Buchwaldoboletus lignicola: The Ultimate Mushroom Guide
About The Buchwaldoboletus lignicola Mushroom
Buchwaldoboletus lignicola is a species of bolete fungus in the family Boletaceae native to Europe and North America. Found on wood, it is parasitic on the fungus Phaeolus schweinitzii. It has a convex yellow- to the rusty brown cap, yellow to yellow-brown pores and stipe, and a brown spore print. Its edibility is unknown.
DNA testing moved this mushroom from Boletus to a newly erected genus called “Buchwaldoboletus”.
Edibility is unknown. Do not put it on your pot.
Other names: Wood Bolete, Houtboleet (Netherlands), Žltavec Drevový (Slovakia), Hřib Dřevožijný (Czech Republic), Brauner Nadelholzröhrling (Austria), Бухвальдоболет Древесинный (Russian)
Buchwaldoboletus lignicola Identification
Ranging from 5 to 11cm in diameter when fully expanded, the cap of Buchwaldoboletus lignicola is beige or light brown or slightly reddish-brown, and the surface is dry and velvety. Young fruitbodies have inrolled margins and rounded and domed caps, but with age, they become broadly convex and often develop irregularly scalloped and wavy margins.
Tubes and Pores
The tubes, which are decurrent to the stem, are 3 - 12 mm long; they terminate in elongated-rounded pores that are lemon yellow to bright sulfur yellow, not changing color when cut or bruised.
Ranging from 3 to 8cm tall and 0.6 to 2.5cm in diameter, the cylindrical or slightly spindle-shaped stipe of the Wood Bolete is usually yellowish near the apex and slightly darker towards the base.
When cut, the flesh may blue slightly or it may not change color significantly.
Subfusiform, 6.5-9 x 3-3.5µm.
Odor and Taste
A faint odor of oranges; taste not distinctive.
Habitat & Ecological Role
Buchwaldoboletus lignicola has been recorded across Europe from the far northern subarctic regions south to Switzerland, and North America from Ontario and Quebec south to Pennsylvania. It is considered endangered in the Czech Republic.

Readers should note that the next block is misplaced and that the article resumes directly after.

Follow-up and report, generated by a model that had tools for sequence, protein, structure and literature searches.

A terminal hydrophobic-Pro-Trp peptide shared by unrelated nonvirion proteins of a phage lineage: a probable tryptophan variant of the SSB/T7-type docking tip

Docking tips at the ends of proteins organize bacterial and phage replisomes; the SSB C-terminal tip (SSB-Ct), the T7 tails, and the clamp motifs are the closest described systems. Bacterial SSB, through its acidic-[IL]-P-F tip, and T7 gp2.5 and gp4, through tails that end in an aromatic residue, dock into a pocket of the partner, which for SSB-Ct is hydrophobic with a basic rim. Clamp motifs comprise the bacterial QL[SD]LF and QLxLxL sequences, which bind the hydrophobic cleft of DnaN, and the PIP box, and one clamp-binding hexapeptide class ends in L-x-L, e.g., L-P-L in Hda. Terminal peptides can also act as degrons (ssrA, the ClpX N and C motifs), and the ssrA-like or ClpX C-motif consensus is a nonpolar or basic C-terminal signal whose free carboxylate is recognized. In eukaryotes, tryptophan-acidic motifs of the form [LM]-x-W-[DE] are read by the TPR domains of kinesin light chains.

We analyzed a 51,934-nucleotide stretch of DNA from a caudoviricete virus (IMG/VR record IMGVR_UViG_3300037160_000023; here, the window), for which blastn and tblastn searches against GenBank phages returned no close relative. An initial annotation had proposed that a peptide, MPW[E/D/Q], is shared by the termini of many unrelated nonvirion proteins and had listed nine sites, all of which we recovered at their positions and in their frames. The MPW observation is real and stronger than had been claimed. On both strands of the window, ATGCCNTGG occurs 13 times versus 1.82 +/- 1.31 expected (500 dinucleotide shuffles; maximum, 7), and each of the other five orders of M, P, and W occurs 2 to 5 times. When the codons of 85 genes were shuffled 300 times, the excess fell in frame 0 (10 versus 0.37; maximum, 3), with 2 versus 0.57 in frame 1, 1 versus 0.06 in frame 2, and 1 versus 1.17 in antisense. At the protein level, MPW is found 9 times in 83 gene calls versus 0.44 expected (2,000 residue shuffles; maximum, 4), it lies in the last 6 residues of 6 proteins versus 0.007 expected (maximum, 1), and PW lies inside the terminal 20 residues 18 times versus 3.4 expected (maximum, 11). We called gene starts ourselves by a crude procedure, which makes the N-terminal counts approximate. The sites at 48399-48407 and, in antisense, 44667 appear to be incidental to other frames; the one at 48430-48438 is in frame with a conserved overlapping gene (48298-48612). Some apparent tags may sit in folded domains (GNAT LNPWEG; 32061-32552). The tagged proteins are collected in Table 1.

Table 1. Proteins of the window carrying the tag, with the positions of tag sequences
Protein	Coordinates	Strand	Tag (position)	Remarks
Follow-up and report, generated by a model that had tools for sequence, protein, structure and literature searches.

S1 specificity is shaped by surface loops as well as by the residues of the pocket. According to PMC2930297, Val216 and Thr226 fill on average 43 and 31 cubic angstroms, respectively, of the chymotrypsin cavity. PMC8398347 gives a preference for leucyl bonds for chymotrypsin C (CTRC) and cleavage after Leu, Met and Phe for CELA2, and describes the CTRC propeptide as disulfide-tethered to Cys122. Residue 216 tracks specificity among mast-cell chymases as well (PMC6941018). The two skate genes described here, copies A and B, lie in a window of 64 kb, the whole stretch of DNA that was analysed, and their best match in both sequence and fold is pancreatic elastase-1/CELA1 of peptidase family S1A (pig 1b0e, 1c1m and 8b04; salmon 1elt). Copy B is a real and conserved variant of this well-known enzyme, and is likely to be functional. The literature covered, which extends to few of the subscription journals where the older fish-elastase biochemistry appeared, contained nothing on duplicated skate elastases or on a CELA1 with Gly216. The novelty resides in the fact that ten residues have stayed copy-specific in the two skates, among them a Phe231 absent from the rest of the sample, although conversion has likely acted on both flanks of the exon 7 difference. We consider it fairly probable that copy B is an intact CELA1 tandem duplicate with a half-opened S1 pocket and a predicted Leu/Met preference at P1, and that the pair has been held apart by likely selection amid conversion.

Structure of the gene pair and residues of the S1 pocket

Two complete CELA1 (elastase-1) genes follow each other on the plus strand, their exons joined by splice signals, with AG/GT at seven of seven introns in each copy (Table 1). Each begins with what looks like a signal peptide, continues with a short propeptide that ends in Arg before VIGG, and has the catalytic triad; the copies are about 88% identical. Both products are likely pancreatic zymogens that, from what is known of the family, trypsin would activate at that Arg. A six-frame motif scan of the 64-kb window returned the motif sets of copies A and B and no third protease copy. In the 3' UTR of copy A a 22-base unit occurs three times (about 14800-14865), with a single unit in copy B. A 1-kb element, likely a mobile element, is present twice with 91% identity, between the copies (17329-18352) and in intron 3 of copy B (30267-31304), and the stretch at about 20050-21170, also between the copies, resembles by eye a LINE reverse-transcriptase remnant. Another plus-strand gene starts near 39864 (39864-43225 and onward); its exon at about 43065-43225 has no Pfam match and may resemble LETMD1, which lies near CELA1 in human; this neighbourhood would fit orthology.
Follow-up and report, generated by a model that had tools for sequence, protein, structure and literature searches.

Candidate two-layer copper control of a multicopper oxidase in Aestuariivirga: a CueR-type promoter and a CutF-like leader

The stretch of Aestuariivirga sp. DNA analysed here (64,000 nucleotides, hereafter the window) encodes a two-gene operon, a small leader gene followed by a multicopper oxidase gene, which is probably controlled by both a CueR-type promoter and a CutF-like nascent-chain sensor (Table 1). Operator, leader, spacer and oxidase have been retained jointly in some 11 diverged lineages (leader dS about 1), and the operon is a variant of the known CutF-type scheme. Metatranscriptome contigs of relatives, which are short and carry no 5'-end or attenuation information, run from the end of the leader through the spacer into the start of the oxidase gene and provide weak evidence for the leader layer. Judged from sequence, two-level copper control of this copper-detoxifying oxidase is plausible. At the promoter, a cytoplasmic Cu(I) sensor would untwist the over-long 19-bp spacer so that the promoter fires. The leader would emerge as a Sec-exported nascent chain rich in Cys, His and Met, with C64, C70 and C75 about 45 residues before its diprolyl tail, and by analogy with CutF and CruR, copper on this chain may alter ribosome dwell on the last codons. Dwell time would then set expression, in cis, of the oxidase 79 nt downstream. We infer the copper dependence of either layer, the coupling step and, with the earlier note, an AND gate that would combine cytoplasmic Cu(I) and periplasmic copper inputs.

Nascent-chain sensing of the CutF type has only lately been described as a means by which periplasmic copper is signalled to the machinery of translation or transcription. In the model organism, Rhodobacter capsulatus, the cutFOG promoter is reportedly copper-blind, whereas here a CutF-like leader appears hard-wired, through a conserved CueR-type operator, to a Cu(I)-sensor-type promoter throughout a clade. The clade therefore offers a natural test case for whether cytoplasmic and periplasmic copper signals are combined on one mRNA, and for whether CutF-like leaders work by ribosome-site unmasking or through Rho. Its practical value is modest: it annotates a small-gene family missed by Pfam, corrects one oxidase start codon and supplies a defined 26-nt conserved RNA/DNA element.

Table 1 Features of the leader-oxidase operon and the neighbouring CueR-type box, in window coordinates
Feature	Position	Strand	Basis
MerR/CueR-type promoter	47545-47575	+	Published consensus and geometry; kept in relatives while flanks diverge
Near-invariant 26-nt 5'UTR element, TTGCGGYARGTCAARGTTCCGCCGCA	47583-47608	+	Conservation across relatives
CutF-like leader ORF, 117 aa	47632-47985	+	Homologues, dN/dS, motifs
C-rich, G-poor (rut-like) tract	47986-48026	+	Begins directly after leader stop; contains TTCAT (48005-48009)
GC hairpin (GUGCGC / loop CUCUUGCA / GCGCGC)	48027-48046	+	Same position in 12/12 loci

It is only found where the fungus Phaeolus schweinitzii grows, and microscopic tests have revealed it is parasitic on that species. The two are found with coniferous trees such as Scots pine (Pinus sylvestris), eastern white pine (P. strobus) and European larch (Larix decidua), and less commonly deciduous trees such as wild cherry (Prunus avium).
Buchwaldoboletus lignicola Taxonomy & Etymology
Buchwaldoboletus lignicola was described in scientific literature by the German mycologist Franz Joseph Kallenbach (1893 - 1944) in 1928, at which time it was given the binomial scientific name Boletus lignicola. The currently-accepted scientific name Buchwaldoboletus lignicola dates from a 1969 publication by Czech mycologist Albert Pilát (1903 - 1974).
Synonyms of Buchwaldoboletus lignicola include Boletus lignicola Kallenb., Phlebopus lignicola (Kallenb.) J.W. Groves, and Pulveroboletus lignicola (Kallenb.) E.A. Dick & Snell.
The prefix Buchwaldo- literally means 'beech wood'; however, as this species feeds on dead conifer timber it seems hardly appropriate. The name is actually in honor of the Danish mycologist Niels Fabritius Buchwald (1898 - 1986), the extension -boletus coming from the Greek bolos, meaning 'lump of clay'. The specific epithet lignicolus means living on wood.
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